1. Valuable information concerning timing and character of ovulation can be obtained by correlating alterations of cervical mucus with changes in the basal body temperature during the menstrual cycle.
2. Examination of phase lines formed at the interphase between cervical mucus and seminal fluid in vitro gives some indication of the in vivo behavior of these fluids.
3. The consistent absence of spermatozoa from the cervical mucus one day after intercourse or insemination should arouse suspicion about the mucus-semen incompatibility.
4. The presence of many nonmotile and abnormal spermatozoa in cervical mucus 24 hours or longer after intercourse or insemination, in some patients, suggests the possibility that cervical mucus acts as a filter, which prevents ascent of abnormal spermatozoa up the genital tract.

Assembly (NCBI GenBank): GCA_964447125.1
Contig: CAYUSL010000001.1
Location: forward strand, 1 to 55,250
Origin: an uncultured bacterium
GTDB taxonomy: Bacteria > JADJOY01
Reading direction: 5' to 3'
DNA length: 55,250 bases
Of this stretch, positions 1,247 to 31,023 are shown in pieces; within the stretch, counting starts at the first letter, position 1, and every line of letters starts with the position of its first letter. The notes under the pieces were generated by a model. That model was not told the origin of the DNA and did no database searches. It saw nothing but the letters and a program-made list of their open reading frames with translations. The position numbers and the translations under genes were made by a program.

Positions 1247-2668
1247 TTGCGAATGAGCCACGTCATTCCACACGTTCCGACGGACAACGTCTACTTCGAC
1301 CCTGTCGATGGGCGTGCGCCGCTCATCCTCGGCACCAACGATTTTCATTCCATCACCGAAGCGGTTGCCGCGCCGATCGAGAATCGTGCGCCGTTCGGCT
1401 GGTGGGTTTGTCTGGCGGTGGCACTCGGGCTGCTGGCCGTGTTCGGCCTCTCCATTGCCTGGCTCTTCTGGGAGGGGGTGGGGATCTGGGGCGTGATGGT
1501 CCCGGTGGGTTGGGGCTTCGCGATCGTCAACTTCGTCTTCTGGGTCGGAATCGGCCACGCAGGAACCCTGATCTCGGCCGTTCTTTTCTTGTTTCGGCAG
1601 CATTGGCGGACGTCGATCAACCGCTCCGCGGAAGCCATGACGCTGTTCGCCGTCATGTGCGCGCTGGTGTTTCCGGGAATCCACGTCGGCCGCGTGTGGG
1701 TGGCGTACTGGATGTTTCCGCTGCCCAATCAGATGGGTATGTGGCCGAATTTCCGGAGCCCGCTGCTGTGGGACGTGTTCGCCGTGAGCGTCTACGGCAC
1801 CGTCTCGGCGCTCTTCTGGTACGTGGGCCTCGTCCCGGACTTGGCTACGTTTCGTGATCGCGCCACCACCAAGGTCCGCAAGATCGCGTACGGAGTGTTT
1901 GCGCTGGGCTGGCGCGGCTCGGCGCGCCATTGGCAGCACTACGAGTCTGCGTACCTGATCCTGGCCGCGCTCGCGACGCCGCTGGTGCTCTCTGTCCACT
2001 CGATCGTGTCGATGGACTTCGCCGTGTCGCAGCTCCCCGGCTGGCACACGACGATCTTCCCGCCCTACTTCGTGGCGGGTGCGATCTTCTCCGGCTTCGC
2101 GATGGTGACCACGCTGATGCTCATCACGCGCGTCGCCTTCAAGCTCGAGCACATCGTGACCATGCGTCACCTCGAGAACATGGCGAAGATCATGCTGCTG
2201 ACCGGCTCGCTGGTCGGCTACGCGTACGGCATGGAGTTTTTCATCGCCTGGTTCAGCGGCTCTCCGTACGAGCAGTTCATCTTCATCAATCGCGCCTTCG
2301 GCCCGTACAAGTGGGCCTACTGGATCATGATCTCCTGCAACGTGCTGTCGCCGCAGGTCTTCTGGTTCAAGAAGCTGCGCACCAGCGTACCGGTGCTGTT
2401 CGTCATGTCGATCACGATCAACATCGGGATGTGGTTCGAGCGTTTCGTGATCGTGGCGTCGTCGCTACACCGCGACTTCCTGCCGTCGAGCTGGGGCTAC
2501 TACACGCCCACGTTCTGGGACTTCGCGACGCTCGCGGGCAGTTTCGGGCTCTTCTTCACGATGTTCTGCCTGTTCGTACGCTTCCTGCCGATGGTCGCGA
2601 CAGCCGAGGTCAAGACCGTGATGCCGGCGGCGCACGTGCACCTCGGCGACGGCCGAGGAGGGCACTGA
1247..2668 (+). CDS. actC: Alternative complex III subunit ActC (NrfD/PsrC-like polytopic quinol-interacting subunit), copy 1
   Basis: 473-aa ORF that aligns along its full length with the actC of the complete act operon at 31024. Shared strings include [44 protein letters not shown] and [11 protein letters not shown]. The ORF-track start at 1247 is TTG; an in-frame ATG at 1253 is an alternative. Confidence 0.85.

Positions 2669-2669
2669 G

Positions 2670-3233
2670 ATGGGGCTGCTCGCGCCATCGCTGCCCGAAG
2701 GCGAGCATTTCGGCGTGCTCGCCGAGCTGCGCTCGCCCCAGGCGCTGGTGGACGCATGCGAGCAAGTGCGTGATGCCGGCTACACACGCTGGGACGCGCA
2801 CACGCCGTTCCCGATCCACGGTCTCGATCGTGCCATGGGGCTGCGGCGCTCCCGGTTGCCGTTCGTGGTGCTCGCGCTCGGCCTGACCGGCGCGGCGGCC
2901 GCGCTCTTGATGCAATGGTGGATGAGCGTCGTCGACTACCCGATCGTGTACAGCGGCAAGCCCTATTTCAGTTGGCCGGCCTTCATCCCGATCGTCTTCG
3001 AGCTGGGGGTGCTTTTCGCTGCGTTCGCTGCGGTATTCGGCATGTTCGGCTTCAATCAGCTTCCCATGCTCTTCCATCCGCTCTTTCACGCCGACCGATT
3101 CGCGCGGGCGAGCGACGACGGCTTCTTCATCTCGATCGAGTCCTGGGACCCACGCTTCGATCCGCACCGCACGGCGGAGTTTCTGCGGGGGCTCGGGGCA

5. Frequently, in vivo spermatozoa survive in cervical mucus for as long as 5 days after insemination or intercourse, and occasionally up to 7 days. Theoretical implications regarding the effectiveness of the “rhythm system” for contraceptive purposes in some women are left to the reader.
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- Fertil. & Steril. 1963; 14: 231
- Am. J. Obst. & Gynec. 1932; 24: 19